With all the data in hand, a proprietary metric, a Passion Score, optimized to predict purchase intent, is calculated. This key metric is the result of exclusively focusing on those consumers who are most passionate about purchasing or who believe strongest in the idea’s success or failure. Additional metrics, such as Affinity and Controversiality scores, assist in providing direction for decisions based on consumer insights.
The FastFocus scarcity design, when combined with deep scoring metrics, provides brand stewards a powerful way to optimize the interactive 3D e-commerce experience, which has been shown to deliver significant sales lift as well as being key to sustaining a brand’s competitive advantage.
Bill Bloom is the CEO and founder of FastFocus, a market research firm that delivers qualitative and quantitative research faster and cheaper than traditional solutions.
Over the last 20 years, Bill Bloom has established himself as an innovator and business builder - disrupting established industries, driving growth and profitability through operational, creative, and sales excellence.
In 2016, frustrated by traditional market researches slow, expensive and outdated methods, Bill determined to reinvent the market research industry/ FastFocus was launched in February 2018 to deliver qualitative and quantitative research, faster and cheaper than traditional solutions.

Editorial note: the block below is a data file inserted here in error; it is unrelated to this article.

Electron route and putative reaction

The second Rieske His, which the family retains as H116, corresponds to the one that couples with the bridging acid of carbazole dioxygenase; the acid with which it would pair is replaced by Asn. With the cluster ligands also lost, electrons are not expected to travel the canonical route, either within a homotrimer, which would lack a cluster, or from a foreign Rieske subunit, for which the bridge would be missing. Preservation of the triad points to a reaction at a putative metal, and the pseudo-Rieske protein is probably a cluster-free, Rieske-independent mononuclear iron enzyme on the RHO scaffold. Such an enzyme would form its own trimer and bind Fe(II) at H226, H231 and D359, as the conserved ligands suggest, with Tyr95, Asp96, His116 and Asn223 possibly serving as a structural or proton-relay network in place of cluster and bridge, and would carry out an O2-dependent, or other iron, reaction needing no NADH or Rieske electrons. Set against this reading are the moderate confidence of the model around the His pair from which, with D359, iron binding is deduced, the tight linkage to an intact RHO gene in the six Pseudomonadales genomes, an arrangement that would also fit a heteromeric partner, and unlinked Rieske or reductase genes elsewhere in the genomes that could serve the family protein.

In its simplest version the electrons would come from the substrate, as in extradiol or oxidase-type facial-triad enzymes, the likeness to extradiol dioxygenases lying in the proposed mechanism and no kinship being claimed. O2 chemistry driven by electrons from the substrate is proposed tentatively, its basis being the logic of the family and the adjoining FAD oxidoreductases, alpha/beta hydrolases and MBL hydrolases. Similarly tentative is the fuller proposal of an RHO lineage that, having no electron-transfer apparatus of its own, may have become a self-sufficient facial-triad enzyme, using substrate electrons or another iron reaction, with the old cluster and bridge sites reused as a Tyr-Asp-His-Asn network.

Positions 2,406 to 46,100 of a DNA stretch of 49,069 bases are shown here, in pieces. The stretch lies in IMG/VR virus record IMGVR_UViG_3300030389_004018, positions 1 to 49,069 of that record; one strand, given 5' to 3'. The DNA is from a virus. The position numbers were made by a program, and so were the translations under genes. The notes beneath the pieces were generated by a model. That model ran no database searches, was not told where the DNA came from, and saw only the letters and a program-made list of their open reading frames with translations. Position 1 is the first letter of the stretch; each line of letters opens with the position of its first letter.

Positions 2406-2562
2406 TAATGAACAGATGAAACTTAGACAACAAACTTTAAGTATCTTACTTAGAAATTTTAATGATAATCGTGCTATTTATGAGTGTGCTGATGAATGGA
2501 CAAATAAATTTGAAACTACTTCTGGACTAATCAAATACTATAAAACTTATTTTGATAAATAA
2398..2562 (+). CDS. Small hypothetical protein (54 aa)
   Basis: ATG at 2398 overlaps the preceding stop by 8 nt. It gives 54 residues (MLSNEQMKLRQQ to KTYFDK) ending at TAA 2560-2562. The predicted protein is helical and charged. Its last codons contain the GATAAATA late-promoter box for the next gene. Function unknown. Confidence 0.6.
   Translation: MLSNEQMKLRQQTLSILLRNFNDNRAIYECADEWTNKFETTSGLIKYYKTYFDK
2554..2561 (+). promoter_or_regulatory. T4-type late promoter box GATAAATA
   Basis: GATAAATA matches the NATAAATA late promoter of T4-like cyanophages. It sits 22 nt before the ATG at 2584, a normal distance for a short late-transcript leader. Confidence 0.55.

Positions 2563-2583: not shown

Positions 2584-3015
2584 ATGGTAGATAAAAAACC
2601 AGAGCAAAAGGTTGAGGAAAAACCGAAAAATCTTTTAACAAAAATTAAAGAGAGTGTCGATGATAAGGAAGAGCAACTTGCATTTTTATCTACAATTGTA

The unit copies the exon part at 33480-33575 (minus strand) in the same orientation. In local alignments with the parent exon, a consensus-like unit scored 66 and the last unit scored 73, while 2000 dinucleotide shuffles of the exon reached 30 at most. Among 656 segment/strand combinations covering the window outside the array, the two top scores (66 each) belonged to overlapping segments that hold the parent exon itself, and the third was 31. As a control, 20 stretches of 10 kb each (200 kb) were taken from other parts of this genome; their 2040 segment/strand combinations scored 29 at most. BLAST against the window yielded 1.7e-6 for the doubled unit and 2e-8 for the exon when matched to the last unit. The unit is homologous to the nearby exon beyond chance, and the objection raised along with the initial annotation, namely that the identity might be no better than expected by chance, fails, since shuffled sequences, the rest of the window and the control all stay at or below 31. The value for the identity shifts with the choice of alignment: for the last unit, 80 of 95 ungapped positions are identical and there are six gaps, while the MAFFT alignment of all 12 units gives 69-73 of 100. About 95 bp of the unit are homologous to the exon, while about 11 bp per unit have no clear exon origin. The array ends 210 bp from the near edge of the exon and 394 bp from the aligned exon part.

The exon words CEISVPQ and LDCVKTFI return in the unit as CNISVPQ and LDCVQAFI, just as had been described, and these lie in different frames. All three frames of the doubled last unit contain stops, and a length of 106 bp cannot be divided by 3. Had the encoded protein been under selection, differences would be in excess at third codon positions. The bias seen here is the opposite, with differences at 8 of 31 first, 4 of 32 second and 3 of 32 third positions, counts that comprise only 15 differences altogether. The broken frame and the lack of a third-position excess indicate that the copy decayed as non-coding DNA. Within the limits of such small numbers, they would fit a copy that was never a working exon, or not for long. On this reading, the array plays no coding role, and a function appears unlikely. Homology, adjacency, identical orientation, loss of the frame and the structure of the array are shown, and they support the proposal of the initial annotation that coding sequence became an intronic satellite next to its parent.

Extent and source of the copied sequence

Bill’s innovations include award-winning 3D digital games for Disney, launching the first digital brand for Unilever, and the development of AI powered talent mining systems for the FBI.
In 1997 Bill partnered with Disney Interactive to lead the development of their first interactive 3D adventure game, Aladdin’s Mathquest, starring Robin Williams. Released in 1998, Mathquest was the industries’ first major hit, selling over one million units and establishing Disney as a market leader.
In the early 2000’s – while heading the New York office of Agency.com, Bill led the creation of the first digital brands for Unilever, Sirius Satellite Radio, Merrill Lynch, Sprint, McKinsey, Gucci, Colgate and the Food Network.
In 2011 the FBI needed to effectively deploy expertise to win the escalating battles against cyber banking fraud and terrorism. Over the next two years Bill and his team developed a SAAS deep learning system that enabled the FBI to identify and deploy mission critical experts 30% faster.